Immigration Newspeak

Who's afraid of alien(s)?

By Robert Law on January 26, 2021

Proponents of open borders have engaged in a decades' long war on immigration terminology to deceive the public about their policy intentions. The most common example is the left's persistent use of the term "undocumented" to describe aliens who have violated U.S. immigration law. This deception is intended to evoke public sympathy that the referenced alien is merely missing the "right" document, implying that the situation is merely a paperwork issue that can be easily remedied.

In fact, nearly every illegal alien in the country is very much "documented" and every single one of them has violated U.S. immigration law by either crossing the border unlawfully (entry without inspection) or entering the country lawfully and refusing to leave when required to do so (visa overstay). For illustrative purposes, a non-exhaustive list of documents that an illegal alien in the country likely possesses includes: (1) a birth certificate from their home country; (2) a passport, driver's license, or some other form of identity document from the home country; (3) a notice to appear (NTA) issued by U.S. immigration officials upon detaining the alien; (4) a visa permitting the alien into the U.S. of which he or she subsequently violated the terms of admission; (5) a fake U.S. passport, driver's license, or other identity document; (6) a stolen U.S. passport, driver's license, or other identity document; (7) an arrest record; or (8) a conviction issued by a U.S. judge. As recently as December 2020, and to the horror of amnesty advocates, during oral arguments in Trump v. New York, Supreme Court Justice Sonya Sotomayor repeatedly used the legally and factually accurate term "illegal alien" to describe someone with no legal basis to be in the country.

But this public relations stunt has proven to just be the warm up act. As my colleague David North has noted, President Biden's mass amnesty bill devotes an entire section to replacing the word "alien" with "noncitizen" throughout the Immigration and Nationality Act. Advocates have (naturally) applauded the effort, with one even describing it as "the elimination of the dehumanizing term 'alien' from the law". This builds off the criticism that Buzzfeed tried to generate when U.S. Citizenship and Immigration Services, the agency responsible for administering our lawful immigration system, undertook a technical update to its Policy Manual in 2019, replacing all instances of the imprecise term "foreign national" with the legally accurate term "alien". Without providing any evidence to back up his claims, an open borders advocate is quoted as describing this update, which was suggested by career agency attorneys for legal accuracy, that it was part of the Trump administration's "effort to make our legal immigration system unfriendly and inaccessible" and part of an "anti-immigrant messaging campaign".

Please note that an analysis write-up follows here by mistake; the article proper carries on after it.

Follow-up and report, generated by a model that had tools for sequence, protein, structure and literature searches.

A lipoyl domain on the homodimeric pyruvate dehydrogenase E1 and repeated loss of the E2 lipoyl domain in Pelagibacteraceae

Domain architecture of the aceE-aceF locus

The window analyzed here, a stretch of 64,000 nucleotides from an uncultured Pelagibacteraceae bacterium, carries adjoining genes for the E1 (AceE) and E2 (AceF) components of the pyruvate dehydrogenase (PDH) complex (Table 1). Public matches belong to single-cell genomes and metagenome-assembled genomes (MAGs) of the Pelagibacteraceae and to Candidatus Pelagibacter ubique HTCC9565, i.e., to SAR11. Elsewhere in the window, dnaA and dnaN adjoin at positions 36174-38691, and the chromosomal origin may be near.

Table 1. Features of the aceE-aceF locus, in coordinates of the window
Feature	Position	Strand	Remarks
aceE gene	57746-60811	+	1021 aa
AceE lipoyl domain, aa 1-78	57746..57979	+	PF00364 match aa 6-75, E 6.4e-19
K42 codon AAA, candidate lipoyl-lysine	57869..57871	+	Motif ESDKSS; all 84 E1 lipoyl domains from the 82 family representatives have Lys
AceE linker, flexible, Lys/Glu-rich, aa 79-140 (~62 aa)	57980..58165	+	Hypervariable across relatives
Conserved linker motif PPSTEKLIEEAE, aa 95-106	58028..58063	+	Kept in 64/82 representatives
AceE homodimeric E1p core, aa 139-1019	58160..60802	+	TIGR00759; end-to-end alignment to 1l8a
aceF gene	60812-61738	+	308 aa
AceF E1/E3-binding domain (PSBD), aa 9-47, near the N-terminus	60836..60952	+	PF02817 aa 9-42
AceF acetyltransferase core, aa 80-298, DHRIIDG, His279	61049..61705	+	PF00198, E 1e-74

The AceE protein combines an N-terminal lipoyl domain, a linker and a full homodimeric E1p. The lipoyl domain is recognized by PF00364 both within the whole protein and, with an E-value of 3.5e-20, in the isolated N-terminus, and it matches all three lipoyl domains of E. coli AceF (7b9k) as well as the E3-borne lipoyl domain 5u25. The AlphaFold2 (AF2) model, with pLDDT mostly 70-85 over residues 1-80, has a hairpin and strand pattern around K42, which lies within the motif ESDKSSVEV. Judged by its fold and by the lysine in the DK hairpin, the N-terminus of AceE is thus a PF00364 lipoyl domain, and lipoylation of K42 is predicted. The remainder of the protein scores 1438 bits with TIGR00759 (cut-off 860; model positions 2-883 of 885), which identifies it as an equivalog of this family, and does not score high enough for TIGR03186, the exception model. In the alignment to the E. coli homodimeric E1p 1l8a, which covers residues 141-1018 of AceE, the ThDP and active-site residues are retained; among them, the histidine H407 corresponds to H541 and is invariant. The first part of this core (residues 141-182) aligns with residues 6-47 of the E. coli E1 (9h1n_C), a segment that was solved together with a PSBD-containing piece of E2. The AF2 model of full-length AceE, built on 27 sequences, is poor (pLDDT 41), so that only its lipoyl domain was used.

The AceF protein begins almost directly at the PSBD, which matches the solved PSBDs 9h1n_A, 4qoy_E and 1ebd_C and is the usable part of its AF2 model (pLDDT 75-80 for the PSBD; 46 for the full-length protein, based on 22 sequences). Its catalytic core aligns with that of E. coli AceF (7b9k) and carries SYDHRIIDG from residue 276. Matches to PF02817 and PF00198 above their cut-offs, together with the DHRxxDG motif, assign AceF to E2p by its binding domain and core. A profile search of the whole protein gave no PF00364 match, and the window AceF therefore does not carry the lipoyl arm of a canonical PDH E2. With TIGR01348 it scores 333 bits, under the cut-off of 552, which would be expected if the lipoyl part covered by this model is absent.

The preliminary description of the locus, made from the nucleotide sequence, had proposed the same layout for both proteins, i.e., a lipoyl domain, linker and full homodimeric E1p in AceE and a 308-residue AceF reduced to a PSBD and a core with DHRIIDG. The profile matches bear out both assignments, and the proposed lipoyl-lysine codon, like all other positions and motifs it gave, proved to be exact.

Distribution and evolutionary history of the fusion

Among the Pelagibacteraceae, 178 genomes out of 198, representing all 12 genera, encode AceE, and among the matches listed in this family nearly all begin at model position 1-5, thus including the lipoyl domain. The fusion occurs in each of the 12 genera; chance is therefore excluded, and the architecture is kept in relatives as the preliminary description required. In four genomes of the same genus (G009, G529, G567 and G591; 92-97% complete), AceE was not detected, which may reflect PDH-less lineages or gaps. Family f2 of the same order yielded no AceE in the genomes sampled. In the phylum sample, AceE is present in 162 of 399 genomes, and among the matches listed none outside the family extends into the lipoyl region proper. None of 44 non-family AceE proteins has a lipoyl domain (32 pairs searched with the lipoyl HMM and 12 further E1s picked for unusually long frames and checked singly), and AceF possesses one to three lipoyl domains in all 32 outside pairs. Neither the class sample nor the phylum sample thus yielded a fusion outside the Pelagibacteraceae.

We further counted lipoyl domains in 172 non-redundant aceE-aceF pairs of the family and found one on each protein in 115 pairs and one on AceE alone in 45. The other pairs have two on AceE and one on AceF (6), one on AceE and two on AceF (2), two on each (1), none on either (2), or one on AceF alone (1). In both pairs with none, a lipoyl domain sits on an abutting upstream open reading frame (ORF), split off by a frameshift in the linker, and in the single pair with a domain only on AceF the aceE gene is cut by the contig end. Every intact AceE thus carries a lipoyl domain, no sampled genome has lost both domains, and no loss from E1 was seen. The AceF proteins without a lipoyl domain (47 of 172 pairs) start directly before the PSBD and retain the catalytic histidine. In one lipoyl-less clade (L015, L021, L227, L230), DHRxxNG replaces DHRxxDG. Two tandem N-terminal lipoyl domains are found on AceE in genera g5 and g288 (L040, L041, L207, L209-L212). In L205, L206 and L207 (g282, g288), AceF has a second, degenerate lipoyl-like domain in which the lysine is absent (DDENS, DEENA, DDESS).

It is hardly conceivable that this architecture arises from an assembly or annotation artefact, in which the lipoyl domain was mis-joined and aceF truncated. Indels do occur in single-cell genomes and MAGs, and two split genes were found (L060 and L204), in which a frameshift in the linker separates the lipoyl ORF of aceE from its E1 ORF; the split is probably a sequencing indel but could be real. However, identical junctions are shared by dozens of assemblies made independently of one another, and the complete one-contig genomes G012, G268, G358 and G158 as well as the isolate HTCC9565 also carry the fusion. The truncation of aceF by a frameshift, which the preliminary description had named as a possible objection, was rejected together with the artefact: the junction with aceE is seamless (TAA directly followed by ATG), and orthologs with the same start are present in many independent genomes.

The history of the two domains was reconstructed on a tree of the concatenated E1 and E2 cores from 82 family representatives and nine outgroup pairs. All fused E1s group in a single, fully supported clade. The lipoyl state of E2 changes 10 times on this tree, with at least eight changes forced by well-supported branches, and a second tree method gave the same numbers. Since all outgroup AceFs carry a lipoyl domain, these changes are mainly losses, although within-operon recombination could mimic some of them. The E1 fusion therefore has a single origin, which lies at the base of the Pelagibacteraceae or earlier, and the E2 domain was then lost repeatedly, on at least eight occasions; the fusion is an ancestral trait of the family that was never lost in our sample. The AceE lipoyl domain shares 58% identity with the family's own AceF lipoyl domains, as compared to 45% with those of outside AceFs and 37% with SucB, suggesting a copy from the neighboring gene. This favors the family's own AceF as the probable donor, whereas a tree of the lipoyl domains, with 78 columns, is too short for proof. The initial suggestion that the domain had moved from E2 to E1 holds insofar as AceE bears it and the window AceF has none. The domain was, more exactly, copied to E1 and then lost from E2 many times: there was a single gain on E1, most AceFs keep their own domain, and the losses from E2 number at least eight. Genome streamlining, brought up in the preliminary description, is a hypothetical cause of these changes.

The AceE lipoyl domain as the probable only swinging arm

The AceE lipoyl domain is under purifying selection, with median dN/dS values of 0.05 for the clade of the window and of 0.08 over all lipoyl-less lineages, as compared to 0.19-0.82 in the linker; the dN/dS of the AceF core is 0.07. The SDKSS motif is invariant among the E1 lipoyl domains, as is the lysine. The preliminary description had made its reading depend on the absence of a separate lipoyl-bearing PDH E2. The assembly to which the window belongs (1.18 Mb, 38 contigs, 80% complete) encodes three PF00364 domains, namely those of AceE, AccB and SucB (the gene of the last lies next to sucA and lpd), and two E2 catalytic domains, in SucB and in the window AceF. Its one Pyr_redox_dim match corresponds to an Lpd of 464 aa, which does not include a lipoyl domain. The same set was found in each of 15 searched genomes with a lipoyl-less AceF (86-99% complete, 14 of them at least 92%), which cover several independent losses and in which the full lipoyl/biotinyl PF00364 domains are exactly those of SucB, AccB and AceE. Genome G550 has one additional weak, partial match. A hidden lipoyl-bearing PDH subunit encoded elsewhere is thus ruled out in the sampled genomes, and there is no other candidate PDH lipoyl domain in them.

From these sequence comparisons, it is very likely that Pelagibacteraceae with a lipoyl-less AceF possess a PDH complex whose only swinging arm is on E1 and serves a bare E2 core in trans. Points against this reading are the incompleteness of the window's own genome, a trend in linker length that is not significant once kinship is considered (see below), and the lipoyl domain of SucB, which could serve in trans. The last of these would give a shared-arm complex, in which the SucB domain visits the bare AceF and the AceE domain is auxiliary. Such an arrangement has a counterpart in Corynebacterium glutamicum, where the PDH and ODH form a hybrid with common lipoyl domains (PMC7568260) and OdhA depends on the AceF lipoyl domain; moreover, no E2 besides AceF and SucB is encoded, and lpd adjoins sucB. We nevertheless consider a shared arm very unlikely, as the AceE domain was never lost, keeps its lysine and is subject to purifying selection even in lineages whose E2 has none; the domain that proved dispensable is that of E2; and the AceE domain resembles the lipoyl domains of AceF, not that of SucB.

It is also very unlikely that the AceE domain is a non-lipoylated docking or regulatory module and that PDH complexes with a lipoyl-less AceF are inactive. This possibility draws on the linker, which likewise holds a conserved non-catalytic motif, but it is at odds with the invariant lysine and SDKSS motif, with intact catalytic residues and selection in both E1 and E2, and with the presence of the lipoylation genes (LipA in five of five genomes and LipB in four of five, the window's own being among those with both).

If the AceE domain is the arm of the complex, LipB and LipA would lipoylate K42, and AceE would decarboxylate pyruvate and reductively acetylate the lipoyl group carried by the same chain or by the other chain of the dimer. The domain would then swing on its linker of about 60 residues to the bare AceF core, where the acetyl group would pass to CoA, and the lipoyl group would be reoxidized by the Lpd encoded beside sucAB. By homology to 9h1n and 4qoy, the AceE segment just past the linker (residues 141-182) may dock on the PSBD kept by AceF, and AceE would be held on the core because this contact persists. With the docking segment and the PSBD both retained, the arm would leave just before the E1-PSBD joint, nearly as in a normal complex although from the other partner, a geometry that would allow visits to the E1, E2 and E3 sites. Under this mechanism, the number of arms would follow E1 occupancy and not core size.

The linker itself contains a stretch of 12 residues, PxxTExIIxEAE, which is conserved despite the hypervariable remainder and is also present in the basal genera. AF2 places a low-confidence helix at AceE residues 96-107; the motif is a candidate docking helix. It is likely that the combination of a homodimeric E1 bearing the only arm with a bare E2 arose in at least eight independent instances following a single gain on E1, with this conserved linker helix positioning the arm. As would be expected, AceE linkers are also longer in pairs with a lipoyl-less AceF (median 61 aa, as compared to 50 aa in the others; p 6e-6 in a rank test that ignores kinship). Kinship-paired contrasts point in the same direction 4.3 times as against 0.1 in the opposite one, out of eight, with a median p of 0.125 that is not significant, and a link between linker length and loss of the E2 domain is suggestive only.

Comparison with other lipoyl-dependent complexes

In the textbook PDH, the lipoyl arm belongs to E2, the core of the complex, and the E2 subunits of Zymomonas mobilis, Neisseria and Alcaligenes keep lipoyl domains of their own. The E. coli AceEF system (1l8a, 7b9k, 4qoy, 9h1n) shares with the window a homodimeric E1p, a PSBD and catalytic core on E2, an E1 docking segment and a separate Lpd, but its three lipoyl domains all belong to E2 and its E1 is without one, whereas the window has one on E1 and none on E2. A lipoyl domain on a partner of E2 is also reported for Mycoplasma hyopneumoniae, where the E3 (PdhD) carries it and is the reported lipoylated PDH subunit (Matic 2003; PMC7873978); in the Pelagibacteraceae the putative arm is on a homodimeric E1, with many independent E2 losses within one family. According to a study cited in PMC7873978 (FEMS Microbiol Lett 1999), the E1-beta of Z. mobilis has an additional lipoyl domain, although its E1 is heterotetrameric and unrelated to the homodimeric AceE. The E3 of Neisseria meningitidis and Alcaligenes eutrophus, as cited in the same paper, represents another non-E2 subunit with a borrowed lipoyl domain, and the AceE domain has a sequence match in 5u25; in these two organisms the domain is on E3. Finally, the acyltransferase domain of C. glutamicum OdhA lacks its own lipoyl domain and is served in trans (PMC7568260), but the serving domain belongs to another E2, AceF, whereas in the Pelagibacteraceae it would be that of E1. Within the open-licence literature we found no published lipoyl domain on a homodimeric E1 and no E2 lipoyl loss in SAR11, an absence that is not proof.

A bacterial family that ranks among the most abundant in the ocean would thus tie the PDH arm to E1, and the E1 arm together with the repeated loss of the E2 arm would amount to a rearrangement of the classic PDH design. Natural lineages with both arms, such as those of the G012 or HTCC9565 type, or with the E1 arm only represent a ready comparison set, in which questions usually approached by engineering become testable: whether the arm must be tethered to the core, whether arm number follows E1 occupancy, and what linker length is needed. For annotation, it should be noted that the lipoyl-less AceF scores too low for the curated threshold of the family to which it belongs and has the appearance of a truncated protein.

Setting aside the absurdity of terminology making eligibility for immigration benefits "inaccessible", a curious observer may wonder what is this dastardly, hateful word that the U.S. Congress concocted and a U.S. president signed into law? The offender is found at section 101(a)(3) of the Immigration and Nationality Act, which reads, "[t]he term 'alien' means any person not a citizen or national of the United States." That's it. Immigration is a complex issue, but the statutory definition of "alien" is as benign as any word in our laws could possibly be.

Congress has many aspects of immigration policy that require critical debate and analysis, including the levels of permanent immigrants we approve each year, the number of temporary guestworkers allowed in the U.S. workforce, the prioritization of limited immigration enforcement resources, and whether or not we should secure the southern border with a physical wall. Manufacturing a controversy over bland legal terminology smacks of "newspeak" from George Orwell's classic 1984.

The term "alien" is precise, accurate, and in no way offensive. To suggest otherwise is to suspend reality and is not a serious or reasonable position.